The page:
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Bas Bouman Eaton Electric B.V Hengelo The Netherlands Jan Verstraten Dow Benelux B.V. Terneuzen The Netherlands Rudy Vervaet (retired) Dow Benelux B.V. Terneuzen The Netherlands William Oomen Eaton Electric B.V. Hengelo The Netherlands

Abstract Low Voltage Motor Control Centres are designed for applications in electrical distribution grids ranging up to 100kA. Where the busbars can be designed to withstand these currents for 1s (ICW), it is hard to imagine that a Motor Control Centres can survive an internal arc at these short circuit ratings. Motor Control Centres can be designed in such a way that the consequences of such a fault are limited. Nevertheless, even with a Motor Control Centres according international standards, safety is only met on main items and equipment will suffer full damage. Consequently operating personnel might suffer as well from such an internal arc fault. The IEC by mains of TC17D has developed a technical report (IEC/TR 61641) that describes how the safety with respect to the operating personnel of an LV switchboard can be tested and assessed. This report recognizes that severe damage to the equipment may occur, as long explosion will not hurt the operating personnel as results from an internal arc. For operating personnel and equipment it would be much better to prevent that such a fault can occur within the MCC, so- called ARC FREE Motor Control Centres. The Arc Free Motor Control Centres is achieved through the application of Fault Free Zones, areas where special measures have been taken to avoid the occurrence of an internal arc. The following paper discusses a number of causes for internal arcing faults and gives solutions to prevent such faults with the purpose of creating a design of an assembly having: Index Terms Arc-flash phenomenon, Possible causes to internal arcing, Standards on isolation/insulation and arc testing, How to prevent internal short-circuit, independent barriers, Arc fault free assemblies, Arc Free zones, Arc fault protected motor buckets, safety incorporated in the equipment versus safety incorporated in the person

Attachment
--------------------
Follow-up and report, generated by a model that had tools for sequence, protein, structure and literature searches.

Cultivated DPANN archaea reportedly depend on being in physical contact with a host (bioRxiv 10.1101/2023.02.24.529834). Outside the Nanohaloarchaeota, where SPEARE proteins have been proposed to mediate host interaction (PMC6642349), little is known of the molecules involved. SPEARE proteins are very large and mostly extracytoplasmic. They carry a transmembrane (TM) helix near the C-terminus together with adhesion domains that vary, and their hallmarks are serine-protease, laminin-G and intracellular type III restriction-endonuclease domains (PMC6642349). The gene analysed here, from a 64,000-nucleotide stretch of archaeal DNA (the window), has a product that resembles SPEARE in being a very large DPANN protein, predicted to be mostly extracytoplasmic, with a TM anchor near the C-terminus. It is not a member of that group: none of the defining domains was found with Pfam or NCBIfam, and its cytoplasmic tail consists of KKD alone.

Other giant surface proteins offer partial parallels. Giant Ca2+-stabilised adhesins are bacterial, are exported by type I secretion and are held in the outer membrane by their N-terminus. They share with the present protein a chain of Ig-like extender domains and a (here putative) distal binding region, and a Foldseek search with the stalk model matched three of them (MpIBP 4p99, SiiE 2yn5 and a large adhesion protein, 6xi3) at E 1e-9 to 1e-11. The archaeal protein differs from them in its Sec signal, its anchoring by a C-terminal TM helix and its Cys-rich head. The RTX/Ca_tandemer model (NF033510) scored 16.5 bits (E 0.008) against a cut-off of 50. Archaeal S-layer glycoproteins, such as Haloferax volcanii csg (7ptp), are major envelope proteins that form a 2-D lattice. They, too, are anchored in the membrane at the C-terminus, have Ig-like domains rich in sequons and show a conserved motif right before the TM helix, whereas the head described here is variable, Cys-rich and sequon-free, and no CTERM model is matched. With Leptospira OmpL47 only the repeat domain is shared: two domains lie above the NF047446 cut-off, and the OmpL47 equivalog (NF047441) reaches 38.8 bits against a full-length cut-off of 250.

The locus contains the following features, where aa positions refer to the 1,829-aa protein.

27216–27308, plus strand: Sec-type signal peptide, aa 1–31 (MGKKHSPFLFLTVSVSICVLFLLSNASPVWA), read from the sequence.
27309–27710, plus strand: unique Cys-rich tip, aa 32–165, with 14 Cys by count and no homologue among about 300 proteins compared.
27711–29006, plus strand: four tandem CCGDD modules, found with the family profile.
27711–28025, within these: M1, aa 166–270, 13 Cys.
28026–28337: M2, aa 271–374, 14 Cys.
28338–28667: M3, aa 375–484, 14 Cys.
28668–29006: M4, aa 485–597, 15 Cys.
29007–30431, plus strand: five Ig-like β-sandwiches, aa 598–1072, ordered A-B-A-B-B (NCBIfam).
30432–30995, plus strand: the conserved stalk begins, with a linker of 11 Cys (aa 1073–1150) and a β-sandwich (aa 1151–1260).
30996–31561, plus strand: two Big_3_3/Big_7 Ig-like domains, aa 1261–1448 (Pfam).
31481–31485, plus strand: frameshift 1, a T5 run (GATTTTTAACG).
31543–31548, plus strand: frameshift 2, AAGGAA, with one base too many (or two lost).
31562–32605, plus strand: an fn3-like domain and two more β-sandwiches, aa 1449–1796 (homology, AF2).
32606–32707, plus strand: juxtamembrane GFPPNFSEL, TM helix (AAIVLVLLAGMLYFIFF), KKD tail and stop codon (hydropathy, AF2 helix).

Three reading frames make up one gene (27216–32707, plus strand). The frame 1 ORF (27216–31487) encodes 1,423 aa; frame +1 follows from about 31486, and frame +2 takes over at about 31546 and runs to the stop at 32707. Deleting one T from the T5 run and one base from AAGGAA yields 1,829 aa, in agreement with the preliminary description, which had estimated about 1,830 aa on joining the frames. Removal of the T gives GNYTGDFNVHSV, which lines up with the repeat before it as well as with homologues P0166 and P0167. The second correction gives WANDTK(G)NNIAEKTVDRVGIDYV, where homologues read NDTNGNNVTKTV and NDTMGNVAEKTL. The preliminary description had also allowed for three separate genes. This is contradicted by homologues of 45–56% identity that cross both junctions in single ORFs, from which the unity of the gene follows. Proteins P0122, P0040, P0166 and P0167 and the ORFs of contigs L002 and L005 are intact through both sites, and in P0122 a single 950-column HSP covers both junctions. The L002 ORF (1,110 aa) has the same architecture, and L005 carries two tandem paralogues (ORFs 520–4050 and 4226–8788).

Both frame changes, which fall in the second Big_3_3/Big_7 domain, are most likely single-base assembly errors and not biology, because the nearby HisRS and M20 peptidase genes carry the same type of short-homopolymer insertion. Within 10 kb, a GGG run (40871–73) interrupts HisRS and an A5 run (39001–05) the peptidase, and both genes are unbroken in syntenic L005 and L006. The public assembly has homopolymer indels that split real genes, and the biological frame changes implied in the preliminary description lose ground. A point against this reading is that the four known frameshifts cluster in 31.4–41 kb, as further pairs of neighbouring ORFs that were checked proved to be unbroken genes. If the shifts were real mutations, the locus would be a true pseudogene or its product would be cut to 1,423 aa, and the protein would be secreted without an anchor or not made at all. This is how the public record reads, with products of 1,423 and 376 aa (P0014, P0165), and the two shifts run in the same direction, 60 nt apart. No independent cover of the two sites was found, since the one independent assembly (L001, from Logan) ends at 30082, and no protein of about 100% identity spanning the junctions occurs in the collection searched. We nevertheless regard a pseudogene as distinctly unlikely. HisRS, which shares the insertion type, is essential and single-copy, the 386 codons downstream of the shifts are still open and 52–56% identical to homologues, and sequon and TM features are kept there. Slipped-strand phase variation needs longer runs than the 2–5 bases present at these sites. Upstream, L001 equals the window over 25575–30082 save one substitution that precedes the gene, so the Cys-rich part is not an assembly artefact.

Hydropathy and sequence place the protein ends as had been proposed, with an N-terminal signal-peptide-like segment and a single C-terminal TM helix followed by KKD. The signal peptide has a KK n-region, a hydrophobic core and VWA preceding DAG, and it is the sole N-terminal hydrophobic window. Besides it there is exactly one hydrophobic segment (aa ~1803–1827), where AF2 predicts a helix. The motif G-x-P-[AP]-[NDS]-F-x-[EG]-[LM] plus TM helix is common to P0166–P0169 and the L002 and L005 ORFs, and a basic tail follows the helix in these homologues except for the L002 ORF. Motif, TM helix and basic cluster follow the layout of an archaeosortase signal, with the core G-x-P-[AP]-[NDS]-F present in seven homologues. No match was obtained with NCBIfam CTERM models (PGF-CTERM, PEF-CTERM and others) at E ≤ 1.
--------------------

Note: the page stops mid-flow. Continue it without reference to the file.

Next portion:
protection device SCPD. According to these standards this test is performed on the main, distribution busbars, and incoming unit, if any, that are short-circuited with a bolted link on the end. The short circuit withstand current capability test is carried out for the maximum peak and RMS value of the prospective current and duration as specified in the standards. The ANSI/Nema standard requires the short-circuit current duration to be 3 cycles, the IEC requires in general 1 s, and optional 3 s. The assembly passes the test when it is still intact afterwards, thus suitable for further operation. The practical relevance of this test must not be over rated. It is very unlikely that during the lifetime the main and distribution busbar system have to withstand these rated short-circuit currents. Normally the short circuit protective devices in the outgoing shall clear these through going short-circuit currents, so it is unlikely that the main and distribution bus bars systems are faced to these short circuit currents. If the busbar is subjected to these short circuit currents, it is most likely caused by an internal arcing fault. At such an event, the assembly is subjected to very different stresses and threats for its surroundings which outcome in not defined in the IEC 60439-1. In the 70s, internal arc fault accidents occurred in assemblies operated at petrochemical plants, one of them unfortunately with fatalities. This was the inducement to find a new approach for the development of a new design LV MCC. In modern process industries where in general a high short-circuit capacity is present, the internal faults in the switchgear are a potential risk for operating personnel, the equipment and for the process. National and international standardization institutes already incorporated tests for conditions under arcing in product standards for medium voltage switchgear. It became clear that with the increasing short-circuit capacity of LV distribution grids such a rule also applied to LV switchgear. IEC sub commission 17D has developed a technical report IEC/TR 61641, for testing an assembly under conditions of arcing due to internal fault. IEEE has developed a guide, IEEE1584TM2002, to perform calculations based on actual situations and to determine the arc flash protection boundary. The following paper discusses a number of causes for internal arcing faults and gives solutions to prevent such faults. The purpose is to create a design of an assembly having fault free features for the incomer, the main busbars, the distribution busbars, and the arc proof motor buckets.